Pittsfield Stalls On Bag Ban, Loan Program
The Pittsfield City Council has again delayed action on two much-discussed initiatives.
Mayor Linda Tyer’s “At Home In Pittsfield” zero interest loan program emerged from subcommittee for a full council vote on its funding Tuesday night.
“The purpose of the program is to provide financial resources to people in our city who hope to make an investment in their homes for exterior home improvements,” said the mayor.
Tyer, a first-term Democrat, wanted to use the economic development fund established by Pittsfield’s settlement with General Electric to fund the $250,000 pilot. Four local lenders have signed on to the program.
“The program is directed at anyone citywide who makes no more than $87,000 a year," said Tyer. "So that’s a lot of people.”
But for Ward 7 Councilor Anthony Simonelli, a specific clause of the program that he framed as unfairly favoring two city neighborhoods proved problematic.
“Morningside and West Side can access the funds via which is being called the City At Home loan program while other homeowners have to go through or referred by a local lender," said Simonelli. "And funding for up to 20 percent of the appraised value for West Side, Morningside, but only 10 percent for all others.”=
“The intention here is to put needed resources into the neighborhoods that have the greatest number of under resourced residents, and also to encourage home ownership in both of those neighborhoods,” said Tyer.
She told Simonelli that the two neighborhoods were among the city’s oldest, with almost half of the housing stock built before World War II.
“It’s also the area where we have a lot of residents who are living at or below the poverty level, and so we wanted to provide to them a bit more resources so that they can access funds to repair a roof or replace their windows or repair their porch," said the mayor. "And so the purpose of that was to really encourage additional investment in those two particular neighborhoods.”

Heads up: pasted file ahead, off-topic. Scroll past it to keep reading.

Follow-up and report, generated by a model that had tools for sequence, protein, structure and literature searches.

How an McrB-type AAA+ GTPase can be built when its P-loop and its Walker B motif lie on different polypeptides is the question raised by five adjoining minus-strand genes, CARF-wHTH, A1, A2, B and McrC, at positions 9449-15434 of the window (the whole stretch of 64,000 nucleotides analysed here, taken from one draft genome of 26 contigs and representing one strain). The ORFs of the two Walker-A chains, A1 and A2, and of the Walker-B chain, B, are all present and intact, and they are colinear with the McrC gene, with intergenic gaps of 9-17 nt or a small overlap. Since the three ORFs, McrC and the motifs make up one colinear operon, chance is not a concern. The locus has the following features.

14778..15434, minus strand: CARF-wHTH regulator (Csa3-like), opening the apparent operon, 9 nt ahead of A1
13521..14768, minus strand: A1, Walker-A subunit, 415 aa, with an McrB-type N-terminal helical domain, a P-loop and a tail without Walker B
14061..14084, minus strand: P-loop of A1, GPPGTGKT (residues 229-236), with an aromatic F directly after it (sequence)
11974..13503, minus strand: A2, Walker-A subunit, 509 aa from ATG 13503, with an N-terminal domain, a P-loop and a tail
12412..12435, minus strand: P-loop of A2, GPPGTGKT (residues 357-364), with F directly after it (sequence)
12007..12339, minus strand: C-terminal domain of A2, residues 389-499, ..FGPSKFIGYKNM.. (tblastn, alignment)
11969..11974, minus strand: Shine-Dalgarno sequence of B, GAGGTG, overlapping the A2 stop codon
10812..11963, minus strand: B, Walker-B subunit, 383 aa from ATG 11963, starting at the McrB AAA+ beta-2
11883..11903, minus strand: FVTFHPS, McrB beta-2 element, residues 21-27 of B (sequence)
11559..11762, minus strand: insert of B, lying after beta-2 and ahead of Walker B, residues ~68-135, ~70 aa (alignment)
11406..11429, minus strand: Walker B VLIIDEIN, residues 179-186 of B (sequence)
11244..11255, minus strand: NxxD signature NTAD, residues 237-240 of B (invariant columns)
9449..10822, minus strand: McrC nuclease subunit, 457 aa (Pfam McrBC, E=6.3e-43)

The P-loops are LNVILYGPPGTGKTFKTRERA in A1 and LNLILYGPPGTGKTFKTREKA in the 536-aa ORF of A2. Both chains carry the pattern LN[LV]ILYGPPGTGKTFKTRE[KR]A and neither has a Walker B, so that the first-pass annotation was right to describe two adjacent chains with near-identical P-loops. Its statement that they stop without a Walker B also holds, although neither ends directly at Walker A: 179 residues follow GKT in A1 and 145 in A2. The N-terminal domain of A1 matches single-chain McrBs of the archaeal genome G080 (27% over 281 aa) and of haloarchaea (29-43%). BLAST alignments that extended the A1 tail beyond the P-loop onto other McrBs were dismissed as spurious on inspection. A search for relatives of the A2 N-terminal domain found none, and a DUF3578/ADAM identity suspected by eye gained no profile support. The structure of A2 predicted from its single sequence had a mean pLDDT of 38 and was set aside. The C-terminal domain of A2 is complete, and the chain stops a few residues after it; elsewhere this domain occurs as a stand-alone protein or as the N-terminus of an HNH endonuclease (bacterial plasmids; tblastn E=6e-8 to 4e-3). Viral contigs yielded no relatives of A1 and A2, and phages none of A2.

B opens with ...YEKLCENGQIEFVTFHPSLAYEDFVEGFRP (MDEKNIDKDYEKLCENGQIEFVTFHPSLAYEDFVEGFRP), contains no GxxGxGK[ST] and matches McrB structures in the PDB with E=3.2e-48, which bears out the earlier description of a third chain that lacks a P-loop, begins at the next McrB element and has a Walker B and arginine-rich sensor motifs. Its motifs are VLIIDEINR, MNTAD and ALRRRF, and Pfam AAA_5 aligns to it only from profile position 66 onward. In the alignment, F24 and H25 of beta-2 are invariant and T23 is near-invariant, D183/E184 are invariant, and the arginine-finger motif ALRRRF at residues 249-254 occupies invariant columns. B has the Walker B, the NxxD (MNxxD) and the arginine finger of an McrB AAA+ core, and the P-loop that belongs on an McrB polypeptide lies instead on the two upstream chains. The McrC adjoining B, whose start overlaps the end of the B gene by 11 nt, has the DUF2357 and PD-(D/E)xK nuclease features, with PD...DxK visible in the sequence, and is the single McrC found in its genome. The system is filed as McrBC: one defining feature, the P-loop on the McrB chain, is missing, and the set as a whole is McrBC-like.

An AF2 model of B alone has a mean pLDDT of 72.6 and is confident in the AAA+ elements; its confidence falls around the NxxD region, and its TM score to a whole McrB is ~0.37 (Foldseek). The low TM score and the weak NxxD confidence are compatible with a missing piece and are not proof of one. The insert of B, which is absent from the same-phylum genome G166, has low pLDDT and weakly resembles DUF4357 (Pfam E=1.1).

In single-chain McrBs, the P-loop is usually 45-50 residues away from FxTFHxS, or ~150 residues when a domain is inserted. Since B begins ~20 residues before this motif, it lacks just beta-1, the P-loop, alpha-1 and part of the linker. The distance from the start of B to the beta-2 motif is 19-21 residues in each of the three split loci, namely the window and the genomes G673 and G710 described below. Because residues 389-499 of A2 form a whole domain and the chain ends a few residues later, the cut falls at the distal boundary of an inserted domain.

Simonelli characterized the distinction as “discriminatory.”
“There are many houses in my ward – I can only speak for my ward, but I can only imagine that in other wards throughout the city – that certainly would meet the same criteria but because they don’t live in what’s geographically called the West Side or the Morningside Community their funding would only be 10 percent and would have to go through a bank,” he said.
Tyer also faced pushback from councilors about using the economic development fund to support the program. While she acknowledged that the program didn’t directly create jobs as required by the rules of use for the fund, she said it met a different standard for the fund’s use: public benefit.
“In addition to addressing the neighborhood stabilization, we feel that this is an opportunity for people to have some personal prosperity," said Tyer. "It’s an opportunity for us to improve the quality of life in our neighborhoods. This is a way for us to increase our tax revenue, increase the value of the homes in our neighborhood. There’s many secondary benefits to this program that don’t specifically align with creating jobs, but do definitely align with public benefit.”
Other councilors wary of using the fund suggested Tyer instead use the city’s free cash supply, which was recently bolstered by the sale of tax liens.
The council voted to refer the mayoral order back to Tyer, who said she would return to them with a new draft of the program.
The meeting ended with the tabling of a plastic bag ban proposed more than five years ago that dominated conversation at the council’s last meeting on February 26th.